David Crane's A Boy and His Blob: Trouble on Blobolonia

aka: Fushigi na Blobby: Blobania no Kiki
Moby ID: 14618
NES Specs

Description official descriptions

In this unique Platform/Puzzle game you take control of a boy who has to help a blob getting to his home planet. It isn't a conventional Platformer, as the boy cannot jump or attack enemies. Instead, the Blob can be fed with different kinds of jellybeans, which will transform him into various objects. He can be used as a ladder, a bridge or a trampoline, turned into an umbrella to slow down the boy's fall or shield him from falling objects, into a bubble to let the boy swim and breathe underwater, a blow torch to burn certain obstacles or even a bird which enables him to follow the boy everywhere. There's total of 12 different shapes the blob can take on, all of which can be used to freely explore the game world.

Spellings

  • ふしぎなブロビー ブロバニアの危機 - Japanese spelling

Groups +

Screenshots

Promos

Credits (NES version)

11 People

Designed by
Additional Design
Characterizations by
Graphics Design
Audio Director
Original Score
Sound Consultant
Technical Wizardry
Creative Consultant
Game Instructions by
Package Design by
Cover Illustrations by

Reviews

Critics

Average score: 62% (based on 17 ratings)

Players

Average score: 3.4 out of 5 (based on 21 ratings with 2 reviews)

Feed the magic blob

The Good
I have always enjoyed A Boy and His Blob if only because it falls squarely into the "highly unique" category. It's a puzzle game where the puzzles are derived from feeding your faithful blob different flavors of jellybeans which cause him to assume various objects and tools (licorice = ladder, apple = jack, for example). I had never heard of anything quite like that before this game and I have never seen anything quite like it since.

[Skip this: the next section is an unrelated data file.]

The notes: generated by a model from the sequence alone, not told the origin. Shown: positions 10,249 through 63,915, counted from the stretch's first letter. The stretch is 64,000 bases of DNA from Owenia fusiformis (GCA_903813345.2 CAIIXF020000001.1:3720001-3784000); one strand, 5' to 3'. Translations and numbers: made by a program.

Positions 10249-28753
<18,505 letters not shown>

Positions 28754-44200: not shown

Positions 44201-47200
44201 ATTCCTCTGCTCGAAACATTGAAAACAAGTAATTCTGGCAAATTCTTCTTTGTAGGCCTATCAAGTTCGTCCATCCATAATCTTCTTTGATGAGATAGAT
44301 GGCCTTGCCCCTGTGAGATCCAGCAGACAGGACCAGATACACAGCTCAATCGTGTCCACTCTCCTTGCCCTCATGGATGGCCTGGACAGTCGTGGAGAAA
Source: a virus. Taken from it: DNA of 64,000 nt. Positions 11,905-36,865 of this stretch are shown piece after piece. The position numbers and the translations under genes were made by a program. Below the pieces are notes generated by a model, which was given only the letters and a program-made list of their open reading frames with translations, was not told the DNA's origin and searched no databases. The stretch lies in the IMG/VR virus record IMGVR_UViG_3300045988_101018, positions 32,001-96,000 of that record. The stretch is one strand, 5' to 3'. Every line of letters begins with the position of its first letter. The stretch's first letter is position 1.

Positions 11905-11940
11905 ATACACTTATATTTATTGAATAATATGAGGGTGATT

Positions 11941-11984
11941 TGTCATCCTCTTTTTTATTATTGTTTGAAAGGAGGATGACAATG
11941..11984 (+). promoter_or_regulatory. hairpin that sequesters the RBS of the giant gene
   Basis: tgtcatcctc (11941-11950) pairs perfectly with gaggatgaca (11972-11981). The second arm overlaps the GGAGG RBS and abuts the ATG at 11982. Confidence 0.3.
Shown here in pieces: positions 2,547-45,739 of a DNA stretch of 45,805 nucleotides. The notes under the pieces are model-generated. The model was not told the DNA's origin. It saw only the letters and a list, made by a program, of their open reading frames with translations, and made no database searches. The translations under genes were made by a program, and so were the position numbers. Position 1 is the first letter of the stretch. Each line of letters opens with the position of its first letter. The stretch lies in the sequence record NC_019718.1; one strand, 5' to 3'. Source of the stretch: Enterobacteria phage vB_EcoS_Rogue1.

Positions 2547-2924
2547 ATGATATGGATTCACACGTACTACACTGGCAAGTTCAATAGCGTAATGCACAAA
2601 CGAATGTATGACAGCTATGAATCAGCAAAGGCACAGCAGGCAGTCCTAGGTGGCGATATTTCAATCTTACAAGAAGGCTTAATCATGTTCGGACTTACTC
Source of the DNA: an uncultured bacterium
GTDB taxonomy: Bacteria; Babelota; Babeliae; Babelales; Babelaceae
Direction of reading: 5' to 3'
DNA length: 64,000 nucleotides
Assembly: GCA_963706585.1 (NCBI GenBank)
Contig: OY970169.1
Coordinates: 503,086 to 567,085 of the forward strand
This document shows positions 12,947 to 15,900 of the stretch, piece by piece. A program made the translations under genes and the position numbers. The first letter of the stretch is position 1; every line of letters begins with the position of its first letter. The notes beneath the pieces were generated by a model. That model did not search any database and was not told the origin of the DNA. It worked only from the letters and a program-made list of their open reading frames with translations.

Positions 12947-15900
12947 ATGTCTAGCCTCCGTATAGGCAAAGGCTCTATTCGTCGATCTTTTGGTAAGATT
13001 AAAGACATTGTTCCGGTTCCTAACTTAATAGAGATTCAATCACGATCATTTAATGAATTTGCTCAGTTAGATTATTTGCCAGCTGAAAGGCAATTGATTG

It's worth noting, and appreciating, that the background graphics in this game are quite detailed in NES terms.

The Bad
While the background graphics feature a fairly exquisite level of detail, the primary characters-- that is, the boy and his blob-- are sorely lacking in the same area. They appear to have been transplanted from a game that was a console generation behind the background graphics.

The music was decent but also highly repetitive. The proper title of the game is "David Crane's A Boy and his Blob" which makes me wonder if a single person was responsible for the entire game, graphics, music, puzzles, and all.

The Bottom Line
Put on your thinking cap and dig into your bag of jellybeans. The blob is hungry and you have a mission to complete.

NES · by Multimedia Mike (20664) · 2005

A Wierd one for the books!

The Good
I love the unique plot and gameplay of this title. Who the heck thinks up this stuff? A boy....and his....Blob? You feed him jellybeans to make him turn into stuff? What a concept! I mean, seriously, even if your taste runs in other directions, who doesn't want to see where this one leads you?
The game itself is fairly simple, side-scroll your way through, using your pal Blog and jellybeans to figure out puzzles. And the puzzles are fun, you have to know what to turn Blob into in order to advance.